Yet again this year has yielded some impressive smartphones, but not all of them have come from the familiar brands. Chinese manufacturers have continued to improve their offerings, while Samsung has reported its poorest earnings in years. Android One looks set to bolster the mid-range market in India, and Apple is hoping that it hasn’t missed the “phablet” trend.
We all have our own opinions about which handsets are best, but they don’t always match up with what everyone else is buying. Fortunately we’ve managed to grab a hold of a ton of data on the smartphone market this year, revealing some very interesting trends and developments.
Note: We’ve compiled the data in this report from multiple sources that are publicly available online or have been made available to us.
The big picture
Before we delve into this year’s big winners and losers so far, let’s see how smartphone sales are doing in general.
Overall global smartphone shipments were up 27 percent for Q2, compared with last year, and reached 295 million units in the second quarter of this year. We have already passed the 1 billion devices a year mark, and growth does seem to be slowing somewhat compared to previous years, depending on which region you look at.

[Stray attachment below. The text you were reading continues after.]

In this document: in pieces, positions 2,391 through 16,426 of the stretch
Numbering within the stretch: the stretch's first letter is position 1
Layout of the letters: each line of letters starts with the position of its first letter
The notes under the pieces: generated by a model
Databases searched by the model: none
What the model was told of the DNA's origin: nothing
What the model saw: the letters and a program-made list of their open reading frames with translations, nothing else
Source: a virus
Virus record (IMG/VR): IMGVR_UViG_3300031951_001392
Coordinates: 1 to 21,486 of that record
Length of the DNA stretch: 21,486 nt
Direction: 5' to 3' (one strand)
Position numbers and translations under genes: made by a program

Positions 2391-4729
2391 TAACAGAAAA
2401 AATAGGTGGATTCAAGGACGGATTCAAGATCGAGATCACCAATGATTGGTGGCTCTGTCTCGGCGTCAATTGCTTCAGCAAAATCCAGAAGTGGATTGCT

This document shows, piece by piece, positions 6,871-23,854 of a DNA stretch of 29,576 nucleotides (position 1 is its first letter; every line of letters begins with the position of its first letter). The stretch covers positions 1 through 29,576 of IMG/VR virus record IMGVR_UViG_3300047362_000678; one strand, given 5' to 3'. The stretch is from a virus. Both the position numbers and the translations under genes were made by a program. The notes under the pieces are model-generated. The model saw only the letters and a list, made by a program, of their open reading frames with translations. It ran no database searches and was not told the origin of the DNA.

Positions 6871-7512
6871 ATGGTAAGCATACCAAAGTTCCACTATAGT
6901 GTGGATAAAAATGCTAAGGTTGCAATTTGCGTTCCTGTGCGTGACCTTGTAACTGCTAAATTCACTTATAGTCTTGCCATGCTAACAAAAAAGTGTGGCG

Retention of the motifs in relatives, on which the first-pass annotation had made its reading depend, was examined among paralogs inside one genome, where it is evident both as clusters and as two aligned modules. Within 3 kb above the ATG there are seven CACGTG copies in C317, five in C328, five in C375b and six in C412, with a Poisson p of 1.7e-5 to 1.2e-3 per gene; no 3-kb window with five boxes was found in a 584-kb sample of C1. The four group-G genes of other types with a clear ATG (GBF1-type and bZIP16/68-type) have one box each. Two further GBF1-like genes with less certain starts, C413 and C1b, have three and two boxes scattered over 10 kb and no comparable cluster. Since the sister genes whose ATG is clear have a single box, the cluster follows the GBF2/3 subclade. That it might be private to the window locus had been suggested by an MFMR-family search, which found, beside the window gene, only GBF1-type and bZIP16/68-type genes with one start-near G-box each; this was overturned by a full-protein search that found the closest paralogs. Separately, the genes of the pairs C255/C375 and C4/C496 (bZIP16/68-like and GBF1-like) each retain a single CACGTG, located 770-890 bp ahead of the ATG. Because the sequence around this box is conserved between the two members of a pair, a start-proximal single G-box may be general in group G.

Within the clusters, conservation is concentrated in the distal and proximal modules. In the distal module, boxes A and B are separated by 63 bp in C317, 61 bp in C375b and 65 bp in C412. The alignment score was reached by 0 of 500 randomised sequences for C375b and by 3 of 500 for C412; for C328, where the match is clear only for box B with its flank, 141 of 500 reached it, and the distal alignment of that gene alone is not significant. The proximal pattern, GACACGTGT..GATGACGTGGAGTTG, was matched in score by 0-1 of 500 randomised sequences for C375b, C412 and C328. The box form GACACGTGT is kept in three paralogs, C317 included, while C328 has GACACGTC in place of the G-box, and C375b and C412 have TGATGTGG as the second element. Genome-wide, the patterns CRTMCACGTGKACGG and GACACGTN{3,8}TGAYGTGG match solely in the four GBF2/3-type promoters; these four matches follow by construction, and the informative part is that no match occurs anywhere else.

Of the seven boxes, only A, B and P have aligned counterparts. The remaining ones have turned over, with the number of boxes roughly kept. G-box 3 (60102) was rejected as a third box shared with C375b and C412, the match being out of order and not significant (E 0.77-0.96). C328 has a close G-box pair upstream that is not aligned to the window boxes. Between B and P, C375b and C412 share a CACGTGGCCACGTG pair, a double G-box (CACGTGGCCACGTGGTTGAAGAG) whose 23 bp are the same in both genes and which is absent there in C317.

Geographically, Africa and the Middle East are witnessing the fastest levels of growth last quarter, up 68 percent on last year, with Central & Latin America following on 38 percent, and Asia Pacific territories up 35 percent YoY. North America continues to show strong signs of saturation, with only a 6 percent increase in shipments in the last 12 months. The averaged YoY growth for the last four quarters can be seen above.
Apple’s global market share fell to 11.9 percent last quarter
Asia Pacific still accounts for the greatest number of smartphone shipments and also shows one of the strongest levels of growth. This accounts for the surge in popularity that we have seen from more cost effective Chinese manufacturers, such as Xiaomi and Huawei. Perhaps we can use this to at least partially explain why big players, such as Samsung and Sony, have been losing global market shares and profits over the past few months, which we’ll take a closer look at in a minute.
As we can see from the data already, typically strong regions for the established premium smartphone players are experiencing the slowest rate of growth, whilst emerging markets continue to surge forward. Years of high cost premium devices appear to have taken a toll on Western consumer appetites for smartphones, and slowing levels of innovation appear to be denting consumer demand.